Not just splashy ones either. Water is (a) bloody heavy, (b) acquires considerable momentum, and so (c) would do bizarre things to the centre of gravity, to which planes are highly sensitive. Quite aside from its ability to short out electronics.

        As even ships have found, notably vehicle ferries with huge enclosed open spaces i.e. vehicle decks, when the sea has got into them.

        Just think if a pool-full of water found its way into the cockpit…

        Actually, I rather think, if that pool-full of water sloshed in either direction (forwards or aft), it might acquire enough momentum to burst the nose (or tail) right off. Quite aside from the CG shift rendering the plane completely un-flyable.

        cr

        • barn owl
          Posted April 4, 2017 at 1:09 pm | Permalink

          First thing I thought when I saw the photo of the APR001 pool was “Hang on, what’s going to happen to that water when the plane just backs up from the gate, or taxis down the runway?” I’ve see enough micro-demonstrations in pickup trucks, transporting large plastic tubs or bins of water for horses and other livestock. In one memorable incident, I saw a large cylindrical container of water launch itself over the closed back gate of a moving pickup, and smash onto the highway – the water drenched the following car, but fortunately didn’t cause an accident.

          • infiniteimprobabilit
            Posted April 4, 2017 at 11:33 pm | Permalink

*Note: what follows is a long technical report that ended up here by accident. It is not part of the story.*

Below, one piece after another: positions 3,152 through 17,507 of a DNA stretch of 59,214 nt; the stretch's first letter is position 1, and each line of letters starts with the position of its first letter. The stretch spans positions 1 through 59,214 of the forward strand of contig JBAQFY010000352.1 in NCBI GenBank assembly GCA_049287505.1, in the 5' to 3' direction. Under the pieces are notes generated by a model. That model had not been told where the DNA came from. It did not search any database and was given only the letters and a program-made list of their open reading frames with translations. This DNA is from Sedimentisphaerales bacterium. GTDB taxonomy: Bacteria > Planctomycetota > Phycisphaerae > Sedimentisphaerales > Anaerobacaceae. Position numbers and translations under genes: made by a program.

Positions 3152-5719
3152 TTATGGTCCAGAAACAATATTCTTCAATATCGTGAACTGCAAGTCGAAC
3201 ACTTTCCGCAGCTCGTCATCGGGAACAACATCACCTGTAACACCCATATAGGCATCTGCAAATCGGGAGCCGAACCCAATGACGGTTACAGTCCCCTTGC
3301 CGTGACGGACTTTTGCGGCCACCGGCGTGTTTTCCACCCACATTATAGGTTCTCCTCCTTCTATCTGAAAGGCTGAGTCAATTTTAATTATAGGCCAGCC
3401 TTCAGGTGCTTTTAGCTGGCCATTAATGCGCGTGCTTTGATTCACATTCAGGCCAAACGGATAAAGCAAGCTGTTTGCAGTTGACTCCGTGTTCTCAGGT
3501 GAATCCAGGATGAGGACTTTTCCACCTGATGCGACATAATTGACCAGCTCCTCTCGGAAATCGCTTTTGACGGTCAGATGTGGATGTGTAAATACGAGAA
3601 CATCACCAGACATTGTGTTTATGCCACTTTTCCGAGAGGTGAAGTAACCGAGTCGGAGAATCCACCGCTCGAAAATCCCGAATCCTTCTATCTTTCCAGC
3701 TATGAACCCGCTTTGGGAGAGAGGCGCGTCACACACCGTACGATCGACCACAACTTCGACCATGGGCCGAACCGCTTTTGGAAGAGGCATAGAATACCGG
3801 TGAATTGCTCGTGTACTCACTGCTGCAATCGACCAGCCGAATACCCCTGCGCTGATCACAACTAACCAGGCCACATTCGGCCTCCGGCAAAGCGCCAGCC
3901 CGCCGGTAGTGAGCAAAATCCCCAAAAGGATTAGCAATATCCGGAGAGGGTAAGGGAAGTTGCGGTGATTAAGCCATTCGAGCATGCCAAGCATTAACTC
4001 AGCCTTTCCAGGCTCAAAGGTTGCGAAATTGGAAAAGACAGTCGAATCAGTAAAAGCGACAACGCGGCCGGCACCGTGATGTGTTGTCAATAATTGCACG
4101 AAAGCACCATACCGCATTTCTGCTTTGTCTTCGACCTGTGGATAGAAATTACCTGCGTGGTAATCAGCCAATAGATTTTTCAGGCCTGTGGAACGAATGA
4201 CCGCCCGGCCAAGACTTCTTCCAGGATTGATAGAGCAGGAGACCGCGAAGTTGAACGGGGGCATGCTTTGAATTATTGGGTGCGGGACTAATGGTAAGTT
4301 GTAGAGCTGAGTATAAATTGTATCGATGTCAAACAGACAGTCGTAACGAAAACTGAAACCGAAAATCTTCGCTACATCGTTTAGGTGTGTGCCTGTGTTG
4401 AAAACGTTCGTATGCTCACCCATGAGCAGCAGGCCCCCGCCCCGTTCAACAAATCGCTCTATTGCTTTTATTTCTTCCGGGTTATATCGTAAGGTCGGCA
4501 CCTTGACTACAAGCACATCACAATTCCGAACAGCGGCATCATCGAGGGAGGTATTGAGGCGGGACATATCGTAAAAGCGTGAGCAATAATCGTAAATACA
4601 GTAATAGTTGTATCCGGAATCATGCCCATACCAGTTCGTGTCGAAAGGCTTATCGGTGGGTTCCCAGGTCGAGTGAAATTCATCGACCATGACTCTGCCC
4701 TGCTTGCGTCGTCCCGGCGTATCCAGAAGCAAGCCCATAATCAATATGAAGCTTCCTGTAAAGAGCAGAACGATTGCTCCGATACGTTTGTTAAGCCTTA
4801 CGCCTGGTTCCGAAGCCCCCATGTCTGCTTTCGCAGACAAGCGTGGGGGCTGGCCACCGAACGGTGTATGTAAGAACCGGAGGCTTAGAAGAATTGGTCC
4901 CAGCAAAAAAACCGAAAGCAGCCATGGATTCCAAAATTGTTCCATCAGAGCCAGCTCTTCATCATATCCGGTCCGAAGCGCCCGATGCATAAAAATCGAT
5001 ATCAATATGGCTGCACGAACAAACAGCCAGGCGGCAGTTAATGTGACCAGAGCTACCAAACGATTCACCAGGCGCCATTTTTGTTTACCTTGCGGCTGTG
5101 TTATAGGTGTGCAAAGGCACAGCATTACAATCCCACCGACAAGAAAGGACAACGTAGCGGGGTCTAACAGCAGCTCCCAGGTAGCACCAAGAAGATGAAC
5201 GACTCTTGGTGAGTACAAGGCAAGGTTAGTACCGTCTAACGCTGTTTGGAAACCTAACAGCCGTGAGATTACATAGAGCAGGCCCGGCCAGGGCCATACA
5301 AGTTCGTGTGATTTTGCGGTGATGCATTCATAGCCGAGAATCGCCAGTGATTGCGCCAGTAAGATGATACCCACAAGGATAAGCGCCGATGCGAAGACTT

Yes, ‘slosh’ can be extremely forceful and also extremely hard to control since attempts to stop it are likely to result in a slosh in the opposite direction.

            I recall travelling on an excursion train behind a NZR JA class steam loco with a ‘Vanderbilt’ tender, in which the water is contained in a cylindrical tank – I was standing on the front open platform of the leading old wooden carriage – down the grade from Okahukura tunnel towards Taumarunui, watching the tender lurching violently a foot each way as the water inside sloshed from one side to the other. It wasn’t a regular sinusoidal swaying, more like a wild jerk to one side as the water climbed up that wall of the tank, then a gentler sway back to mid-point, then a wild jerk the other way. Quite alarming, actually.

            (As an aside, I wonder if airliners have baffles in their wing tanks? I think they must have).

            cr

      • gravelinspector-Aidan
        Posted April 5, 2017 at 5:02 pm | Permalink

        Mass – not fixable. Slosh – you can reduce it, but the hydrodynamic free surface is going to be a killer (literally) unless you’re talking about a single-lane pool. Probably a killer then, too.

        • infiniteimprobabilit
          Posted April 5, 2017 at 9:03 pm | Permalink

          Raises the question of what those forest-fire-fighting tanker planes have in the way of tank arrangements. The pickup and water-dumping arrangements and the positioning of the tanks must be very carefully located relative to the CG. I would imagine they must have a crew member dedicated to managing the water handling (and not just the pilot flipping a switch).

          cr

          • gravelinspector-Aidan
            Posted April 6, 2017 at 4:08 pm | Permalink

            No idea what they do use, but one option to keep open is using flexible rubber bladders hooked up to a rack of pumps. No especial structural requirements on the plane (a couple of days to retrofit to a convenient freighter?), and a very mature technology. I’ve certainly seen military logistics people using the same bladders for fuel depots, so they’re a known quantity to aviation.